Glendale doctor admits to illegally selling painkiller prescriptions, faces 20 years in prison
A 72-year-old Glendale doctor who illegally sold prescriptions for an addictive painkiller to undercover investigators agreed to plead guilty to a federal drug-trafficking charge, federal officials said Wednesday.
Manasseh Nwaigwe, who operated a medical office in Boyle Heights, faces 20 years in federal prison after he admitted in court records to illegally distributing hydrocodone, according to the U.S. Attorney’s office.
He agreed to give up his medical license and turn over to the government $97,437 in cash he earned selling illegal prescriptions, federal court records show.
Last May, Nwaigwe sold prescriptions for 90 pills of hydrocodone, 90 pills of clonazepam and promethazine with codeine — a narcotic cough syrup used to make what’s known on the streets as “purple drank” or “sizzurp” — to two undercover officers, who each paid him $90, court records state.
Neither officer had a medical need for the drugs.
Two months later, the officers returned with a third undercover investigator. Each of them handed over $90 for the same prescriptions, according to court records.
According to state medical board records, Nwaigwe failed to ask questions about their medical histories or examine them beyond listening to their chests and backs.
“Doctors who choose illegal profits instead of dispensing sound medical care are no better than street-corner drug dealers,” U.S. Attorney Eileen M. Decker said in a prepared statement.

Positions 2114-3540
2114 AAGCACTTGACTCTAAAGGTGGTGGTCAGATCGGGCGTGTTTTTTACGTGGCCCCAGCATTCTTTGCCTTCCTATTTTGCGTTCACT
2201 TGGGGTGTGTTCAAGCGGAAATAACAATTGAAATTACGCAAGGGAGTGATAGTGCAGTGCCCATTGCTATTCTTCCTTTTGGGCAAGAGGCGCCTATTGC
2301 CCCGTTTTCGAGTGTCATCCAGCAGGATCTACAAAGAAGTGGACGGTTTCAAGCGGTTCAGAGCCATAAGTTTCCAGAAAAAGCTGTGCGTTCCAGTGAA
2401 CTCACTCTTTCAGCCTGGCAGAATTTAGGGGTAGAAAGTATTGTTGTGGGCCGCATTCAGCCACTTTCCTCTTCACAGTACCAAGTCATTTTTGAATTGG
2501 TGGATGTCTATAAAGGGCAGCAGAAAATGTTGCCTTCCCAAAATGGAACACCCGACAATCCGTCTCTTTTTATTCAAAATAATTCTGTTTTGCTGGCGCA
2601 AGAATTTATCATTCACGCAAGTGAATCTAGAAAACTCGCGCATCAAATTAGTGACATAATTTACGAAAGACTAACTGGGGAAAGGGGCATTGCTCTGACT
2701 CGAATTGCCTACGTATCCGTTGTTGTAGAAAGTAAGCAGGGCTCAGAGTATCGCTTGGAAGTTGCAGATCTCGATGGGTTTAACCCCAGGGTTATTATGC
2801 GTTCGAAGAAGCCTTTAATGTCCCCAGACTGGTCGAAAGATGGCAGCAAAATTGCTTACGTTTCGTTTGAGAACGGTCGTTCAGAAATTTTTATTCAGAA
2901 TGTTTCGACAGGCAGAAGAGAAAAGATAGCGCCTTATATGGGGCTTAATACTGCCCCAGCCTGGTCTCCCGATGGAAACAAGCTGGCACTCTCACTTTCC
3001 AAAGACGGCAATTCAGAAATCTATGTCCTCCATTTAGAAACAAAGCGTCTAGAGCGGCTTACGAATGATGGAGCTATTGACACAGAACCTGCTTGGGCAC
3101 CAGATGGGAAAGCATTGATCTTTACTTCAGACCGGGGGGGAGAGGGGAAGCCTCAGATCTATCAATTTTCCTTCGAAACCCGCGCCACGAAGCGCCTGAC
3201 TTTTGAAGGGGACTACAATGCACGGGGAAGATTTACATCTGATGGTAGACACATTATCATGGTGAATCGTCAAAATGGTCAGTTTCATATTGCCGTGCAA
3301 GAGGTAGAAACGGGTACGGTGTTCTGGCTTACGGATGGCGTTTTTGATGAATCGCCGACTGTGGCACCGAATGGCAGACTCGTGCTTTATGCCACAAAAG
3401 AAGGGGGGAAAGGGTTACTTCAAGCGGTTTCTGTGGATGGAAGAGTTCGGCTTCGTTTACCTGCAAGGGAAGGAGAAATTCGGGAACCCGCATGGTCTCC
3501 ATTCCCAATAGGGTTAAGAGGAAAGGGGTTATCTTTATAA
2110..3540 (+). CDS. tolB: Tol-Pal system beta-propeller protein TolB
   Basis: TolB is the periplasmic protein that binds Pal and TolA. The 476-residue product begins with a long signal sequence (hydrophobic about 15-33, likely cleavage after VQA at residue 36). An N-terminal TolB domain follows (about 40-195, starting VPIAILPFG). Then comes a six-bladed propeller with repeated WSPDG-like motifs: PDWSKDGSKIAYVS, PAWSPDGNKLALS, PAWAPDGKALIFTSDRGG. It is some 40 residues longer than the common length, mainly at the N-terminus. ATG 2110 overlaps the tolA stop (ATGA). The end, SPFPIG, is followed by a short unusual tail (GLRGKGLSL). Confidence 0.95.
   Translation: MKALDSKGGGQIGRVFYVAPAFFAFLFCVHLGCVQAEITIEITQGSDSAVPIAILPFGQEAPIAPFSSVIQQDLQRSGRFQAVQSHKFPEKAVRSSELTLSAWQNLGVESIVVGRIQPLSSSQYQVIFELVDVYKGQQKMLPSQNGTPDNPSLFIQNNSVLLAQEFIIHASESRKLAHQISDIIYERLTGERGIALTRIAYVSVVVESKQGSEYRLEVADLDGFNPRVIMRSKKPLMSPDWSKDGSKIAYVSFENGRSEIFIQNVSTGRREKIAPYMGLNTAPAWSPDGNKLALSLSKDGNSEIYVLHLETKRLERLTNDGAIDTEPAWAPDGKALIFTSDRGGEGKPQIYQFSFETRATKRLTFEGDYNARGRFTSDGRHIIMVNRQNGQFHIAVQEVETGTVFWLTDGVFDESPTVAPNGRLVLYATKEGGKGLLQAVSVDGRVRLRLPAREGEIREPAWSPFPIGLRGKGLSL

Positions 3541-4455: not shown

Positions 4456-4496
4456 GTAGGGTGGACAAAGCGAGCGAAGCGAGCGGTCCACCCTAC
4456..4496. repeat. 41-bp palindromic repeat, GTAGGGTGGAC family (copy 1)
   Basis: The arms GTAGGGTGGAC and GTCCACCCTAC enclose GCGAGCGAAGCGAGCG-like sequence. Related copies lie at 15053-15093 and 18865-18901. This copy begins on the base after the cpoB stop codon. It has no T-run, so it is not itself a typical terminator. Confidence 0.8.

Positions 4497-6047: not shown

In February, the state medical board suspended Nwaigwe’s medical license after he was accused of sexually assaulting a patient and overprescribing the “dangerous” drugs to 15 patients, including the undercover officers.
Last year, a patient visited Nwaigwe twice, once for back pain and a second time for anxiety. During the second visit last July, Nwaigwe allegedly reached into her sweatpants and touched her inappropriately without explaining why, according to board records.
He subsequently asked her on a date and reportedly prescribed her anxiety, pain, blood pressure and cough medications, though she never complained of a cough or, on that visit, pain.
Records show that he later told Los Angeles police that he was checking for a tumor “or anything of that nature.”
Prosecutors declined to file criminal charges in the sexual assault case due to insufficient evidence, according to the Los Angeles County district attorney’s office.
But before those allegations surfaced, the Drug Enforcement Agency had already started investigating Nwaigwe’s prescribing practices.
Nwaigwe is due in court next month.
Alene Tchekmedyian, email@example.com